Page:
Glucose metabolism in small subcortical structures in Parkinson's disease

Per Borghammer, Søren B. Hansen, Carsten Eggers, Mallar Chakravarty, Kim Vang, Joel Aanerud, Rüdiger Hilker, Wolf Dieter Heiss, Anders Rodell, Ole L. Munk, David Keator, Albert Gjedde

Research output: Contribution to journalArticlepeer-review

29 Scopus citations

Abstract

Objectives- Evidence from experimental animal models of Parkinson's disease (PD) suggests a characteristic pattern of metabolic perturbation in discrete, very small basal ganglia structures. These structures are generally too small to allow valid investigation by conventional positron emission tomography (PET) cameras. However, the high-resolution research tomograph (HRRT) PET system has a resolution of 2mm, sufficient for the investigation of important structures such as the pallidum and thalamic subnuclei. Materials and methods- Using the HRRT, we performed [18F]-fluorodeoxyglucose (FDG) scans on 21 patients with PD and 11 age-matched controls. We employed three types of normalization: white matter, global mean, and data-driven normalization. We performed volume-of-interest analyses of small subcortical gray matter structures. Voxel-based comparisons were performed to investigate the extent of cortical hypometabolism. Results- The most significant level of relative subcortical hypermetabolism was detected in the external pallidum (GPe), irrespective of normalization strategy. Hypermetabolism was suggested also in the internal pallidum, thalamic subnuclei, and the putamen. Widespread cortical hypometabolism was seen in a pattern very similar to previously reported patterns in patients with PD. Conclusion- The presence and extent of subcortical hypermetabolism in PD is dependent on type of normalization. However, the present findings suggest that PD, in addition to widespread cortical hypometabolism, is probably characterized by true hypermetabolism in the GPe. This finding was predicted by the animal 2-deoxyglucose autoradiography literature, in which high-magnitude hypermetabolism was also most robustly detected in the GPe.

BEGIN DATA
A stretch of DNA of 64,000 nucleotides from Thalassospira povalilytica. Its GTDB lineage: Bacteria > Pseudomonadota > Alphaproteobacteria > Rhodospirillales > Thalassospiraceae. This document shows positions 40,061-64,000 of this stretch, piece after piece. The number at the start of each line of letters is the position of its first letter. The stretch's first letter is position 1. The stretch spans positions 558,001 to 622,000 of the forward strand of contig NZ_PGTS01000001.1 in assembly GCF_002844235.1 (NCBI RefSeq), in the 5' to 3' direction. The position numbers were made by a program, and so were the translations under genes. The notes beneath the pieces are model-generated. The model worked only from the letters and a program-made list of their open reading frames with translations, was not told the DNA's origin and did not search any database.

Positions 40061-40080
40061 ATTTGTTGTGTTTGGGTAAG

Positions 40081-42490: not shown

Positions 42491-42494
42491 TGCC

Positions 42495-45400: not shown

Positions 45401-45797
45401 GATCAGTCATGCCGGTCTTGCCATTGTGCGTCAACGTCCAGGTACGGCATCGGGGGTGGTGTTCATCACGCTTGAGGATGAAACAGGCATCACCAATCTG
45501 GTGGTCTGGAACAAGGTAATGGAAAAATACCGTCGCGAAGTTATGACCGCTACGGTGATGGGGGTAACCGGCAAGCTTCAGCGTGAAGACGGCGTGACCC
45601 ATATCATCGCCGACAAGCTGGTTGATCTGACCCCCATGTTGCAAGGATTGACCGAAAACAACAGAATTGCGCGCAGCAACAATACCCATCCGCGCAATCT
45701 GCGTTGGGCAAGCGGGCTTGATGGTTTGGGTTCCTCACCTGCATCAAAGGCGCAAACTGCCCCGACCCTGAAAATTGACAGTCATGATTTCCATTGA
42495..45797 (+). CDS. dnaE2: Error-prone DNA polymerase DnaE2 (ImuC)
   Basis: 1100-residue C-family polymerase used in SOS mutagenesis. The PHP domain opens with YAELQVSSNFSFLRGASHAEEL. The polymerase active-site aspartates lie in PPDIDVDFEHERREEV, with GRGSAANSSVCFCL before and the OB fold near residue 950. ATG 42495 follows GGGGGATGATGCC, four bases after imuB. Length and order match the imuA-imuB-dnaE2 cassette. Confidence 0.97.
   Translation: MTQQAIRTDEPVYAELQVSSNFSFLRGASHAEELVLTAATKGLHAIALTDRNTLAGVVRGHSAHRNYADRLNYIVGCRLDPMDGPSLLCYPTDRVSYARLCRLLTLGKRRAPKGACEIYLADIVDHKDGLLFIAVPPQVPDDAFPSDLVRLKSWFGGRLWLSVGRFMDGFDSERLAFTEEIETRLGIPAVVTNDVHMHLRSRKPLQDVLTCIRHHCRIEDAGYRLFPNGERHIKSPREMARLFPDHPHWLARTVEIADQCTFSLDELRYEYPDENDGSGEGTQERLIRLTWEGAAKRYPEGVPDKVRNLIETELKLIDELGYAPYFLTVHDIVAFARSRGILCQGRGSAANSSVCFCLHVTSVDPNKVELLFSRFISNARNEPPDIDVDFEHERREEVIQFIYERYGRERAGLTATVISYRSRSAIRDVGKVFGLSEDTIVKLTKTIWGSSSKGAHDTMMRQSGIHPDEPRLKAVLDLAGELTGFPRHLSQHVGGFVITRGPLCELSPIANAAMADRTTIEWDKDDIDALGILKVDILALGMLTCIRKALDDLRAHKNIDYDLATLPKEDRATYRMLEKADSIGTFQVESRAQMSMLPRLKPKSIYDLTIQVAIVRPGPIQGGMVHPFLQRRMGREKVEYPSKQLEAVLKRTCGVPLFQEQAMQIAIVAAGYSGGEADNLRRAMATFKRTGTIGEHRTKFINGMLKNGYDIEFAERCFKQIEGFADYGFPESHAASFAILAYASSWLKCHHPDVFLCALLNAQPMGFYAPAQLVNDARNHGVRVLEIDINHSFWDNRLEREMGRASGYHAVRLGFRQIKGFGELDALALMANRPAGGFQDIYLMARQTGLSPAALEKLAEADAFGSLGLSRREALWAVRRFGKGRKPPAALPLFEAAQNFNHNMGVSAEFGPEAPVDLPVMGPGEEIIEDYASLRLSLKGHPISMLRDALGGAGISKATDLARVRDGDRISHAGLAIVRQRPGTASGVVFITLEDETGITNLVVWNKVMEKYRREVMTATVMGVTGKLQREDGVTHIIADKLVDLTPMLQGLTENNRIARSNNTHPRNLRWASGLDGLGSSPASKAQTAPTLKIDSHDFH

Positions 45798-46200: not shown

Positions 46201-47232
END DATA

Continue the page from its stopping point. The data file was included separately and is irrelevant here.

Original languageEnglish (US)
Pages (from-to)303-310
Number of pages8
JournalActa Neurologica Scandinavica
Volume125
Issue number5
DOIs
StatePublished - May 2012
Externally publishedYes

Keywords

  • Glucose
  • Metabolism
  • Normalization
  • Parkinson's disease
  • Positron emission tomography

ASJC Scopus subject areas

  • Neurology
  • Clinical Neurology

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